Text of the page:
What is or was your favorite place to hang out in UP (whether your own campus or elsewhere) and why?
On your campus, what place would you recommend for your visitors to see or to experience, and why?
What kind of place, facility or service would you like to see (or see more of) in your campus?
My favorite hangout while an undergrad student in UP Diliman was in our org’s tambayan, the UP Journalism Club (UPJC) in the College of Mass Communication. The tambayan served as a refuge for a naive freshman like me who was transitioning to a UP culture. Coming from the province, my adjustment was as hard as my effort to speak the Tagalog way. Adding up to my language anxiety were my doubts over my intellectual capacity when compared to those of my classmates in GE classes from Pisay (Philippine Science High Schools) which for me was “above sea level.”
Like a migrant to a new place seeking a better life, I needed to cope with the demands of UP life to stay longer and finish on time. Surviving would have been more difficult without a support group in the form of an organization whose members shared the same goals and interests. I felt that my adjustment became smoother when I met and converged with people with whom I shared my joy and fears.
In the UPJC’s tambayan, we would vent our frustrations over the flood of red ink in our Journ 101 papers under Prof. Rachel Khan. We would run to and relieve ourselves in the tambayan after our tiptoeing and overwhelming silence in the class of Dean Luis Teodoro. The tambayan was the venue for our cutesy discourse on issues about women after attending the Women’s Studies Center class of Dr. Albina Fernandez. It was also in our tambayan where we expressed our collective kilig over our long-haired Film 100 professor, Dr. Roland Tolentino.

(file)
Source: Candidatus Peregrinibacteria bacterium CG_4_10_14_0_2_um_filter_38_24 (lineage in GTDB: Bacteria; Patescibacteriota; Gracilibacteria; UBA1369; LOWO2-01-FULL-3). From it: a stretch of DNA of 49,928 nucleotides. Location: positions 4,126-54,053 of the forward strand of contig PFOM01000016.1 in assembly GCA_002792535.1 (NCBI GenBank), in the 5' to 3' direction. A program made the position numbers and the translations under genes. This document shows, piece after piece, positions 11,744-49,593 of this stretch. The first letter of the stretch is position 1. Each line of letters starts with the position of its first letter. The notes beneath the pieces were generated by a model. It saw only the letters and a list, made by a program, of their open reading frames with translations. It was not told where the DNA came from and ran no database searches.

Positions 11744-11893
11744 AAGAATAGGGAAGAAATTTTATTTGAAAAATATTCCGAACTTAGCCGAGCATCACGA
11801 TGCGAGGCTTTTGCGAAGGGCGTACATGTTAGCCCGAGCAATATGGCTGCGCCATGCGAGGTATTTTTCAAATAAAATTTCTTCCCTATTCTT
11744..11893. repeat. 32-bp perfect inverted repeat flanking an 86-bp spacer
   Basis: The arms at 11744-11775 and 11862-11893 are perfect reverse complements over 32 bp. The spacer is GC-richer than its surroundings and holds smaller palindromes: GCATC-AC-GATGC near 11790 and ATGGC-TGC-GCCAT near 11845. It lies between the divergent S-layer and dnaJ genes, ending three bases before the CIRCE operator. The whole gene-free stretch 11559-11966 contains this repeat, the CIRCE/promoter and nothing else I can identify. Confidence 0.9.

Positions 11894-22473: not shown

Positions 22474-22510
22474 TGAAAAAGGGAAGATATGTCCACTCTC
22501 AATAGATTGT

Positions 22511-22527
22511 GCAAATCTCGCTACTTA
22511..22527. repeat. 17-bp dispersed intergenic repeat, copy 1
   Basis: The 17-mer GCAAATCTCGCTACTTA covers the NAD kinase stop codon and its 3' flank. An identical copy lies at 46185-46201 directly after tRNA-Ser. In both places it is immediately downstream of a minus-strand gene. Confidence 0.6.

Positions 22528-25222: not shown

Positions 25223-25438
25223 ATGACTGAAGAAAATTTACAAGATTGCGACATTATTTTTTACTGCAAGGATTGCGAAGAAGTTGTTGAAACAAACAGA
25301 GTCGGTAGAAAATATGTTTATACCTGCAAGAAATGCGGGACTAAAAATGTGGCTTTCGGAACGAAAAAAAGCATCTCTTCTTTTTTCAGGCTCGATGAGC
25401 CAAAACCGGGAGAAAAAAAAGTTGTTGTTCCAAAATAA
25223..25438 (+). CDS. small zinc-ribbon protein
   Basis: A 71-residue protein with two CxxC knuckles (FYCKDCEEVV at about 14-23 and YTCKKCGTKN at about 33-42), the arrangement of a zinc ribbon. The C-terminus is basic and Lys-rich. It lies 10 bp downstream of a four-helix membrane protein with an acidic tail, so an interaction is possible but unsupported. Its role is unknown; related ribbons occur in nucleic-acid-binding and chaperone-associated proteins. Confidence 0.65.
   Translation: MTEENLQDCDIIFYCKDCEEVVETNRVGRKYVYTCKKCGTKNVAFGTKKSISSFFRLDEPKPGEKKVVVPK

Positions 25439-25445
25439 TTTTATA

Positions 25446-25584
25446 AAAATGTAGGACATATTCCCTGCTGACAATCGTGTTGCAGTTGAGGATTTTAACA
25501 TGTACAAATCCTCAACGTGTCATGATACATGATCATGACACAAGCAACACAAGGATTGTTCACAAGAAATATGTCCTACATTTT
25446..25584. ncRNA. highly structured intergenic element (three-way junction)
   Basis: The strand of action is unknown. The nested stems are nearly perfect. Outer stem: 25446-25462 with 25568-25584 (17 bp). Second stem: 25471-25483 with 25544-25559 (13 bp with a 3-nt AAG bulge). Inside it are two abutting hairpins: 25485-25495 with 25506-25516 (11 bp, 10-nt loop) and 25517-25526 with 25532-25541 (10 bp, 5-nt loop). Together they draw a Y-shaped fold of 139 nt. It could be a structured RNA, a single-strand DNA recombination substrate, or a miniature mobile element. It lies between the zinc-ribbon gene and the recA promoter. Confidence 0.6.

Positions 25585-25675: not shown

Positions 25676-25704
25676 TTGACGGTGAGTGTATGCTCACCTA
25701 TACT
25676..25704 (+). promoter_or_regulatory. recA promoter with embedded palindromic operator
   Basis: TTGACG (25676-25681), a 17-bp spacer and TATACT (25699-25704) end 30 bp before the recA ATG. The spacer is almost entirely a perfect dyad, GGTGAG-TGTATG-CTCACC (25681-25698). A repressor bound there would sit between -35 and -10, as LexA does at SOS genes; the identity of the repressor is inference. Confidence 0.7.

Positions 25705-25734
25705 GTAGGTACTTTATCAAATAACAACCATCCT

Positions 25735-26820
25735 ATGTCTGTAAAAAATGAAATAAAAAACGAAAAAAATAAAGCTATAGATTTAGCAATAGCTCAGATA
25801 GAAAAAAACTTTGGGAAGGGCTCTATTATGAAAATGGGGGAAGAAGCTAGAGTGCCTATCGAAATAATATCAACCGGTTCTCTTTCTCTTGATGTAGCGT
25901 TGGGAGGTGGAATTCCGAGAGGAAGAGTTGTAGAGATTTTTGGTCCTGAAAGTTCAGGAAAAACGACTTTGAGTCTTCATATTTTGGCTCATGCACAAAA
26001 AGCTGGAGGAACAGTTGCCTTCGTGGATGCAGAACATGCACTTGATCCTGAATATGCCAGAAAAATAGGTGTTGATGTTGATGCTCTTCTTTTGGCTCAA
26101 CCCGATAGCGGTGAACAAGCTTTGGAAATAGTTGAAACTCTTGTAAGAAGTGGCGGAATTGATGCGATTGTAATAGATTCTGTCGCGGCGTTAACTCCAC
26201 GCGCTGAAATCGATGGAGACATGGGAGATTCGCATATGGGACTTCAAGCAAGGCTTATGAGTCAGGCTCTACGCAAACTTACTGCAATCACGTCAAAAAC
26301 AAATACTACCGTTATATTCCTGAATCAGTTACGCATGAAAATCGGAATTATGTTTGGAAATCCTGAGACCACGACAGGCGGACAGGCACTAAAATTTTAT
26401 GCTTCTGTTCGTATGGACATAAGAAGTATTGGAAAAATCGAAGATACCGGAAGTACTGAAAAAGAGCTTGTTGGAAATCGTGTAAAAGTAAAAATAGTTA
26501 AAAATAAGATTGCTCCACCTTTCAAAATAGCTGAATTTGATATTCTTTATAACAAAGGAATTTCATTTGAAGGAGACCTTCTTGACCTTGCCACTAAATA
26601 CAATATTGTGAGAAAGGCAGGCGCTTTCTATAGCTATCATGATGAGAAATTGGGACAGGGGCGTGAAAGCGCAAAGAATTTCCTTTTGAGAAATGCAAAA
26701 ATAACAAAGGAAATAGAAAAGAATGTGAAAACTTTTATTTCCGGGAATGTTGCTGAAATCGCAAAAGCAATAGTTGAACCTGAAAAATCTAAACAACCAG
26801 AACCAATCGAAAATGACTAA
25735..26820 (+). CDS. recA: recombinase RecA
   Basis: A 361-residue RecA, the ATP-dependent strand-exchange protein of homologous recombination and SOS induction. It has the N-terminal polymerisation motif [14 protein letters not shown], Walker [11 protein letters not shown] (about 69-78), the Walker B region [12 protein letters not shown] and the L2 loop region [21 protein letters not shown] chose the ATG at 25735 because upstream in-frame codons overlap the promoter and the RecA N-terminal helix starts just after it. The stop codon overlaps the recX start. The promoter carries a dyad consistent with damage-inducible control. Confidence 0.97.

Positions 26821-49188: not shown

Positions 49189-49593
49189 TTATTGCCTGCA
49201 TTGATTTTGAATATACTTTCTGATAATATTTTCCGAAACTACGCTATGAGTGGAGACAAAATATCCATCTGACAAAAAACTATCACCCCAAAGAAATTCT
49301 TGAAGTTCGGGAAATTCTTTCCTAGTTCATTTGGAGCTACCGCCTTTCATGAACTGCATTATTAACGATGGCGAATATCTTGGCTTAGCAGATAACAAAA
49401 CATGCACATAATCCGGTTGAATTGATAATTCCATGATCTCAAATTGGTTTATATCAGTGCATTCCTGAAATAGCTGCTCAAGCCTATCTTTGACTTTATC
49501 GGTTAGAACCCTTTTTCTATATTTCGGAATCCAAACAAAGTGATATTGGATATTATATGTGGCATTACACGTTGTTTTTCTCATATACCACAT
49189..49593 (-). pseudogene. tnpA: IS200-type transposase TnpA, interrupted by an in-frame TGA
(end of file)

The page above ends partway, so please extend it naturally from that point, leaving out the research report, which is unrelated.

Subsumed under the UP culture was the unique “subculture” we constructed and reconstructed through our constant interactions with one another. This org culture would be modified when a new generation of members came in to construct their own culture out of their unique experience and identity as a batch. This formation of a unique subculture among journalism majors took place because UP recognized the need of its students to congregate and be in contact with one another.
Through our undergraduate years, our constant congregations and exchanges of ideas grounded in our tambayan were very meaningful to us, so much so that we feel nostalgic when reminded by this vivid image of the past.
For our visitors, I will show them one testament of Cebu’s vibrant creative culture: UP Cebu’s Jose Joya Little Art Gallery and Fablab.
The Jose Joya Little Art Gallery in UP Cebu is accessible through a leisurely walk through the College of Communication, Art, and Design (CCAD) office and classrooms. It was named after National Artist Jose Joya who helped the institution of a Fine Arts program in UP Cebu. Every day, I see beauty in all forms on the college walls: canvases bursting with colors, images textured in pain, human follies captured in mixed media. Unveiled in August 2016, the gallery had long been the venue of Fine Arts students and professors for their artworks where conversations from the artistic process to audience reception and to a more serious one about art’s place and role in our culture is a common affair. A conversation like this is a rarity in the larger public sphere where K-Pop craze and DIY eyebrow trimming are common staples. Such a phenomenon can be explained by our lack of public art spaces, so that the youth, no matter how remote and far their place is to the center or even if they are not in museums and the academe, can hang out with and access their friends’ narratives of our culture through different forms of artistic expression.